The political battle in Texas over proposed restrictions on abortion resumes on Monday with a rally by abortion opponents and a public hearing in the state Senate, where Democrat Wendy Davis staged a filibuster last month to stall the Republican-backed measure.
Davis's tactic forced Republicans to start over in the state legislature their effort to pass a ban on most abortions after 20 weeks of pregnancy and toughen regulations for abortion clinics.
Crowds of people advocating on both sides of the debate were expected to converge on the Texas capitol building for the public hearing in the Senate starting on Monday morning.
Democrats asked that hearings be held around the state. But Committee Chairwoman Jane Nelson dismissed this, citing a lack of time in the special legislative session, which began July 1 and can last no longer than 30 days.
Davis was able to derail the proposal last month because she spoke until Republicans ran out of time to officially approve the measure before the 30 days ran out.
Rick Perry, the Republican governor of Texas, criticized efforts by Davis's supporters who loudly cheered from the public gallery to further slow down the final minutes of the session, calling it "mob rule" in an interview with Fox News on Sunday.
That tactic would not work again, he suggested, saying he believed that Lieutenant Governor David Dewhurst was "making arrangements if people want to come and disrupt the democratic process that they will be escorted out of the chamber appropriately."
"I full well expect the legislature to manage this in an appropriate way, get it done way before the 30 days of the legislation runs out in special session," Perry said.
Abortion opponents said they would hold a rally at the capitol building on Monday evening in support of the proposed law.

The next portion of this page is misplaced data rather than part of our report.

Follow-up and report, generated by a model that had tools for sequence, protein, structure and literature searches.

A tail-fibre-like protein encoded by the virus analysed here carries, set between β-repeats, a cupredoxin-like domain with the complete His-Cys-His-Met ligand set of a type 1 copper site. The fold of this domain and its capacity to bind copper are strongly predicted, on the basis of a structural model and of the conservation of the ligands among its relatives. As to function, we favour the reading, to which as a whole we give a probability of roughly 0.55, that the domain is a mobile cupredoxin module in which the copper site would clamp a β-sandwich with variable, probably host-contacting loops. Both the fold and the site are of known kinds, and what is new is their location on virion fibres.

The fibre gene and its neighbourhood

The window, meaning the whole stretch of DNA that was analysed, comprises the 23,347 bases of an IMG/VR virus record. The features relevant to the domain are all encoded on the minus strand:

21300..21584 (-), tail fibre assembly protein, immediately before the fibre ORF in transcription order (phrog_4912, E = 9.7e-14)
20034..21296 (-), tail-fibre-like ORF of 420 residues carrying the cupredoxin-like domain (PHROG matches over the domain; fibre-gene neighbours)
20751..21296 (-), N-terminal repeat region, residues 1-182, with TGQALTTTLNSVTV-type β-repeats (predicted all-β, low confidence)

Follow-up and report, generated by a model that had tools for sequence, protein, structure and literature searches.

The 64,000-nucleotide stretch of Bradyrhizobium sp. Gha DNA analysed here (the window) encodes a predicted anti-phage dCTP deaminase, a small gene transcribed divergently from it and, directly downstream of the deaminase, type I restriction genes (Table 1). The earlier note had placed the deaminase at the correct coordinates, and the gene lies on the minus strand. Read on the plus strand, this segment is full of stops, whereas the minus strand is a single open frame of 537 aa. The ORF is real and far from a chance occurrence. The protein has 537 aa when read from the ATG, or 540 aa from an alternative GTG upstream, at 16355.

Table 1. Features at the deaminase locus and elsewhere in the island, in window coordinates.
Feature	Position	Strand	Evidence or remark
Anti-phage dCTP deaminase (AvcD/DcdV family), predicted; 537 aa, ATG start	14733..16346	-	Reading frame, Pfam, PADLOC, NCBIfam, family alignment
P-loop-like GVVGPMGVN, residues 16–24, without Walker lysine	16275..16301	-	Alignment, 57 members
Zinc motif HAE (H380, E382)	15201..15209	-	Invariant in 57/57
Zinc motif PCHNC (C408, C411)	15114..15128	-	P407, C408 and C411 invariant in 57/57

Opponents of the law held a rally last week at the same location where hundreds of people greeted Davis as a hero for her stand against the bill.
At an emotional House committee hearing last week, more than 3,500 people registered their position on the bill, House officials said. Not all of those who wanted to speak got the chance because the committee chairman stopped testimony after about eight hours.
The House committee then voted to move the proposal forward to the full House of Representatives, which was expected to vote on the measure this week.
Action now moves to the Senate, where Davis during last month's filibuster became an instant celebrity and focused national attention on conservative states' efforts to restrict the right to abortion granted by the US Supreme Court in 1973.
Last week alone, three states in addition to Texas took steps toward abortion restrictions. Wisconsin Governor Scott Walker signed into law a measure requiring doctors performing abortions to have admitting privileges at a nearby hospital and requiring women seeking an abortion to have an ultrasound. Ohio Governor John Kasich signed a budget that included abortion restrictions, and the North Carolina Senate passed some limits on the procedure.
Planned Parenthood, the nation's largest abortion provider, has said that the Texas measure could lead to the closure of all but six of the state's 42 abortion facilities. But the author of the Texas House bill, Representative Jodie Laubenberg, said that assertion is an exaggeration, and Perry, in his Sunday interview, called the proposed restrictions "common sense approaches."
"We're going to pass some restrictions on abortion in Texas so that Texas is a place where we defend life," he said. "I mean, that's the powerful message here."
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